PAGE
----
The Million Dollar Band | The University of Alabama

November 20, 2019 0 By Kody Olson

in the fall, the Crimson Tide marches
to a million-dollar beat. Formed in 1912 with
only 14 members, UA’s Million Dollar Band
has led game-day festivities at the Capstone
for over a century. The band became a
military band in 1917, and was student-led
for the next decade. Colonel CK Butler
took over in 1936, and led the band to
national prominence, remaining the director
for the next 33 years. And while the
Million Dollar Band is well-known amongst Tide
fans, the origin of the name may not be. KEN OZZELLO: It was an
off-the-cuff comment by one radio announcer. I believe it may have been
Georgia or Georgia Tech turned to the Alabama announcer
and said, well, you don’t have much
of a football team. What do you have at the
University of Alabama? Well, we’ve got a
million-dollar band. And it seems to have
stuck from there forward. MIRANDA CORNELIUS: It’s the same
story everybody else has said, but I’ve heard it
a million times. And there was an announcer
who was announcing a game, and he was kind of hounding
on the football team, and then the band was
playing, so he was like, you know, the football team
may be awful, but that band, they sound like a million bucks. SPEAKER: Believe it or
not, Bama’s football team hasn’t always been great,
but the Million Dollar Band has forever done its
part to help the Tide roll. Even legendary coach Bear Bryant
voiced his support of the band, giving them partial
credit for victories. But is it true? Can the band really affect
the outcome of a game? ALEX SMITH: I absolutely
think the band has an effect on the game. LEAH SNEDDON: We play
after every single play that happens on the field. And so in a way, we’re
kind of narrating the game. DESTINY MARTIN: You know,
being right next to the student section, once you get the
student section riled up, everyone gets riled up. KEN OZZELLO: Coach Saban
talks about, at home, the band creating the spirit,
the atmosphere. In fact, he said, you
know, young children will come to the game,
they won’t remember– they won’t even remember
who Alabama played, they won’t remember
who won or lost, but they’ll remember the
atmosphere, the spirit that’s in that stadium that’ll
keep them coming back for years and years. And with the band
and the cheerleaders and Big Al and that
spirit group do is really create
that atmosphere. ASHLEY JETER: My
favorite part of the game is, fourth quarter, we always
do Basket Case at the beginning of fourth quarter. And it’s just so much
fun, and everybody gets to dance around and sing. ALEX SMITH: I would
have say pre-game’s my favorite moment of game day,
out on the field when we’re coming out of the tunnels. MIRANDA CORNELIUS:
My favorite song is definitely Right Above It. It was also my best friend,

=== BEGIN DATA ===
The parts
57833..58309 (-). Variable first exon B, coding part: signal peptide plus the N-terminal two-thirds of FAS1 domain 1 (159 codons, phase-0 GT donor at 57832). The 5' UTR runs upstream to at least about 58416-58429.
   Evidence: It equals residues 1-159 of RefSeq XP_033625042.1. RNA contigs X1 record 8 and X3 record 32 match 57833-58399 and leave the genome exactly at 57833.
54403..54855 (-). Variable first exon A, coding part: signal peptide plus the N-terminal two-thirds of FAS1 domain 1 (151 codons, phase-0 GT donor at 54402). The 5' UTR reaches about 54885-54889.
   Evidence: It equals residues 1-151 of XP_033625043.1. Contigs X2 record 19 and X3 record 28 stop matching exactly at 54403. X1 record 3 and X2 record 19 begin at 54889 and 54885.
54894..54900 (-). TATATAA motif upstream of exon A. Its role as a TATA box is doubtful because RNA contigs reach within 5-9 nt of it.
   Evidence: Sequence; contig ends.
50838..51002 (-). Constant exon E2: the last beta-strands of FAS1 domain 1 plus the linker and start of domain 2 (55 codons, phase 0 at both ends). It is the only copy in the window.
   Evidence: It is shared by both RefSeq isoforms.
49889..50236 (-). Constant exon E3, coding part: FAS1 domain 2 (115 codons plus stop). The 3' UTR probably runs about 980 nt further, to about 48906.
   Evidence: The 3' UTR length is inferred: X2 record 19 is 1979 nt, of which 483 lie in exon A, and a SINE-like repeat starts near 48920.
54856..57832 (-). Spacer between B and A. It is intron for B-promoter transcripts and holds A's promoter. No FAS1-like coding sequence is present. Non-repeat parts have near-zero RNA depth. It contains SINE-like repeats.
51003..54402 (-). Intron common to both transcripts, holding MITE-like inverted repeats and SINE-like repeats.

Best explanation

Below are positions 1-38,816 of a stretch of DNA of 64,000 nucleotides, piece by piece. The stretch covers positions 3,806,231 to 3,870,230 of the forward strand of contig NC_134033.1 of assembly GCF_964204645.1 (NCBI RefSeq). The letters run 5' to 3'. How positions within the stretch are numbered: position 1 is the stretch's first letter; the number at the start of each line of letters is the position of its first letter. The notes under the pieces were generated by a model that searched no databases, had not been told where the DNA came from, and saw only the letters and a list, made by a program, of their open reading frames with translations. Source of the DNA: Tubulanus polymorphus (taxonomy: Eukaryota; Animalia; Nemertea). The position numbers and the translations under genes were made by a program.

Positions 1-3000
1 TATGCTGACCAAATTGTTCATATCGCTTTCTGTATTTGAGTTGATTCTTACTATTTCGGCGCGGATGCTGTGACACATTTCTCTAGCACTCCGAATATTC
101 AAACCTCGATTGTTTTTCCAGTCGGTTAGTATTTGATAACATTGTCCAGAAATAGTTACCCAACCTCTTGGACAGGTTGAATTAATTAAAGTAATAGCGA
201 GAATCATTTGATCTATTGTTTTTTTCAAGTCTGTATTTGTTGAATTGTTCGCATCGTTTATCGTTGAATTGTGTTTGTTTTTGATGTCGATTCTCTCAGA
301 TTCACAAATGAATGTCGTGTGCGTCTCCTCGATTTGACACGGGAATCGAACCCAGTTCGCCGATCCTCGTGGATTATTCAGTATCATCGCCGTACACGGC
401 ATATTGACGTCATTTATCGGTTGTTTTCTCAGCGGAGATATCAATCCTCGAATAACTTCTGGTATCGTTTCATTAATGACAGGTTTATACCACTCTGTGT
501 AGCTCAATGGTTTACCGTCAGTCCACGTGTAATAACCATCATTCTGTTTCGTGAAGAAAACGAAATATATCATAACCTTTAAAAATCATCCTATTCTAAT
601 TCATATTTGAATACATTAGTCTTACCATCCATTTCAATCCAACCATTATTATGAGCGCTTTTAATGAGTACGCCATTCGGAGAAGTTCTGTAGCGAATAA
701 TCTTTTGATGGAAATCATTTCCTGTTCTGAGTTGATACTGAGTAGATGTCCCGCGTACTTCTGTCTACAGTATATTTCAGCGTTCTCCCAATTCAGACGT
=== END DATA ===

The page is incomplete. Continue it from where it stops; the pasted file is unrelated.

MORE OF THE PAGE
she was on color guard, and it was her favorite song. DESTINY MARTIN: Doing pre-game
is probably my favorite just because the
crowd is all involved. They’re doing the big
Bama spellout with us. You know, it’s just really
cool to do something and then have the crowd respond. ALEX SMITH: Tusk is probably
my favorite part of pre-game, with the elephant and
the crowd gets into it, and you just can’t help
but smile and be like, wow, you know, I’m
in this moment. Just– it’s awesome. LEAH SNEDDON: Well, my
favorite moment on game days is getting to march halftime. And I just think
that’s always special because it’s
something that we’ve worked on for weeks and weeks. And we have a lot of
fun putting it on, and we’re playing
a lot of fun music, and we get to just go out there. And it’s just kind of crazy to
think about 400 people coming together to make these
pictures and make this music, and it’s all happening live. And getting to share that with
100,000 people every week, that’s definitely
my favorite part. SPEAKER: And not unlike
Coach Saban’s teams, the band must work in
unison to win the day. And it’s that
collective team effort that makes this
experience so remarkable. DESTINY MARTIN: Playing
in the Million Dollar Band means you’re playing
with other people, which become your friends for life. It really is a lifetime
friendship, so pretty amazing. ALEX SMITH: Butler Field
is what I call home. It’s where I feel
most comfortable. The people that
surround me, you know, I know they’re going
to be my friends for the rest of my life. LEAH SNEDDON: I think that it’s
really special that it doesn’t matter what your major
is, it doesn’t matter what you’ve been doing
that day or if you’re having a rough week. Once a day, every
single day, you get to come together
with your team. CORBEN MURPHY: What we do before
the game is called Religion. We all make a circle, and then
we all say the Lord’s Prayer. And then one person
gets in the middle. It’s usually an older person. And they give, like,
a speech about, like, the game and whatever,
get everybody hyped. And then we break
it down on BTB. MIRANDA CORNELIUS: It’s been
life-changing because you make so many friendships. And these people
truly have your back. Like, I can call so many of
these people in this band, and they would be there
for me in a heartbeat. And I would do
the same for them. So it’s been
life-changing because I know that I’ve built so
many relationships that are going to last years to come. [CHEERING]